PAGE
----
Breast implants

The US Food and Drug Administration (FDA) has sent a warning letter to a physician in Beverly Hills, California, for illegally marketing an unapproved implantable device, called the Pocket Protector, which he claims can prevent and treat capsular contracture, a known complication of breast implants. However, the FDA has never approved any product to prevent or treat capsular contracture.
By illegally manufacturing and marketing this device, Mark Berman, MD, is “taking advantage of patients and exposing them to a broad range of unknown health risks, including not effectively preventing capsular contracture as the product claims or causing additional harm such as infection or adverse reactions with the breast implant,” FDA Commissioner Scott Gottlieb, MD, said in a statement released today.

Breast augmentation procedures

Capsular contracture occurs when the scar tissue around a breast implant becomes tight, sometimes causing deformity and pain. Certainly, the Pocket Protector is a pouch with two sheets; and a type of expanded polymer bonded together by silicone rubber cement; and that is implanted as a lining inside the breast pocket during breast augmentation procedures, the FDA explained.

Moreover, Berman has unlawfully marketed the medical device through his website; and through promotional videos touting the Pocket Protector as safe; and beneficial for treating or preventing capsular contracture, even though the product has never been evaluated; for safety or efficacy with regard to that or any other use, the agency said.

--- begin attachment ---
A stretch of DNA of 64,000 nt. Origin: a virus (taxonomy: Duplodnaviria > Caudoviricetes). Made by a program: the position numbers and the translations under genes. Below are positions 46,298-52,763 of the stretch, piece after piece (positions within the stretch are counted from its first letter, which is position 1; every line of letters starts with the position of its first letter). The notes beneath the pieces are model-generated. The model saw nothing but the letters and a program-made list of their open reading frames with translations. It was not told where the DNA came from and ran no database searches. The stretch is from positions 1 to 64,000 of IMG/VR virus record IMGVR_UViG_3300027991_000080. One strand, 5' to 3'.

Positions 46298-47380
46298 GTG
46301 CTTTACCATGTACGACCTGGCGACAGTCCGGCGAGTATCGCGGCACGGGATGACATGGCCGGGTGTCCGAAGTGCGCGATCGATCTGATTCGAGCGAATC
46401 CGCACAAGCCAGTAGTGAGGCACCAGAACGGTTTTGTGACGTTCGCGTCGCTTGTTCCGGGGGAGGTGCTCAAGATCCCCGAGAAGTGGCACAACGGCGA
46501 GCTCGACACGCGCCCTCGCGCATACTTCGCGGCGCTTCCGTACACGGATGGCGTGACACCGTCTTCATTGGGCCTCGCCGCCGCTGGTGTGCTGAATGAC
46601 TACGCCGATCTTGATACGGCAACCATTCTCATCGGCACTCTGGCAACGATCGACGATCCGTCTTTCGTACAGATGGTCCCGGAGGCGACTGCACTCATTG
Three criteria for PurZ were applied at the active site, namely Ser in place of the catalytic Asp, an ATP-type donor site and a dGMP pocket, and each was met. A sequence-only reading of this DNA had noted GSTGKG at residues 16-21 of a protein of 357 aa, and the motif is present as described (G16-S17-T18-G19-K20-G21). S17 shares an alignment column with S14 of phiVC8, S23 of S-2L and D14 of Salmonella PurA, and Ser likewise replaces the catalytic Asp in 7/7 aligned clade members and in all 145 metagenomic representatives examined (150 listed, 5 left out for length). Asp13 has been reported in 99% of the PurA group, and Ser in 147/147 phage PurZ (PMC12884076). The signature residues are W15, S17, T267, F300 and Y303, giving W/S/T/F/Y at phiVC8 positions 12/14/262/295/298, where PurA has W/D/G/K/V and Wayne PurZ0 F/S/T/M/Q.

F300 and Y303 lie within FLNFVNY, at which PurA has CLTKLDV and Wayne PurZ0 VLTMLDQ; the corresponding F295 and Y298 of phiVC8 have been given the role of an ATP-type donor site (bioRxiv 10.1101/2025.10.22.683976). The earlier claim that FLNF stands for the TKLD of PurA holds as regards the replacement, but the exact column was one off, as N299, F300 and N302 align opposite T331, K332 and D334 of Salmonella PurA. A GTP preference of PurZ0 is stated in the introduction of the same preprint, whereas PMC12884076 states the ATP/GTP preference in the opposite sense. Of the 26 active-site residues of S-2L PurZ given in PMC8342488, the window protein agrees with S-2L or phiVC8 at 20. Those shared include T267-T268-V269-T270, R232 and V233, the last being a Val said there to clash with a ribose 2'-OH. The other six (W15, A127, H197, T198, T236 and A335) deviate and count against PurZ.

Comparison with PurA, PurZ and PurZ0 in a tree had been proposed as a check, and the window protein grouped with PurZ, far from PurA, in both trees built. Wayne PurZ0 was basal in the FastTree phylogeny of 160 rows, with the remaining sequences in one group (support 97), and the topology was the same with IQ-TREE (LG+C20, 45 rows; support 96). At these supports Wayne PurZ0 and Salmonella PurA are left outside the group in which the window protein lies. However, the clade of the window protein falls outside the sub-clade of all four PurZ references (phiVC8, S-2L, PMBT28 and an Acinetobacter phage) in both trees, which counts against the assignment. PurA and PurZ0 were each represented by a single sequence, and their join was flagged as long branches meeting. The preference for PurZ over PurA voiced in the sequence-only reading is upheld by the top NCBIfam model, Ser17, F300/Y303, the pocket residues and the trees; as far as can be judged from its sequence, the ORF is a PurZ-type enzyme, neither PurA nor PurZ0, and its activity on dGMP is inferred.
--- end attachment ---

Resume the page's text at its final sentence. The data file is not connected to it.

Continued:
The warning letter also discusses findings of a recent FDA inspection of the Pocket Protector manufacturing site, which appeared to be a multipurpose room in Berman’s office and was “inadequate” for the manufacture of an implantable, sterile device, the FDA said.

Good manufacturing practices

FDA investigators found evidence of “many significant deviations” from current good manufacturing practices; and including unvalidated manufacturing processes, lack of control over the components used in production; and the lack of sufficient, validated product testing.
These deviations could lead to “serious” patient harm, including the potential risk for microbial contamination, the FDA said. Berman also failed to establish a process for collecting, identifying, and reviewing medical device reports of adverse events associated with use of the Pocket Protector, as required by FDA regulations, the agency said.

Stem cell products

It’s not the first time the FDA has warned Berman about the illegal marketing of unapproved medical products. The FDA announced in May 2018; and that it was seeking a permanent injunction to stop Berman and his California Stem Cell Treatment Center; and from marketing unapproved stem cell products.
“Advancing and protecting women’s health is a priority for the FDA. As part of these efforts, we will not tolerate bad actors who take advantage of patients by marketing unapproved and potentially unsafe products that deceive patients and put them at risk,” Gottlieb said. “We’ll continue our efforts to protect patients from those individuals who choose to skirt laws intended to keep patients safe and sell unproven and potentially unsafe medical products,” said Gottlieb.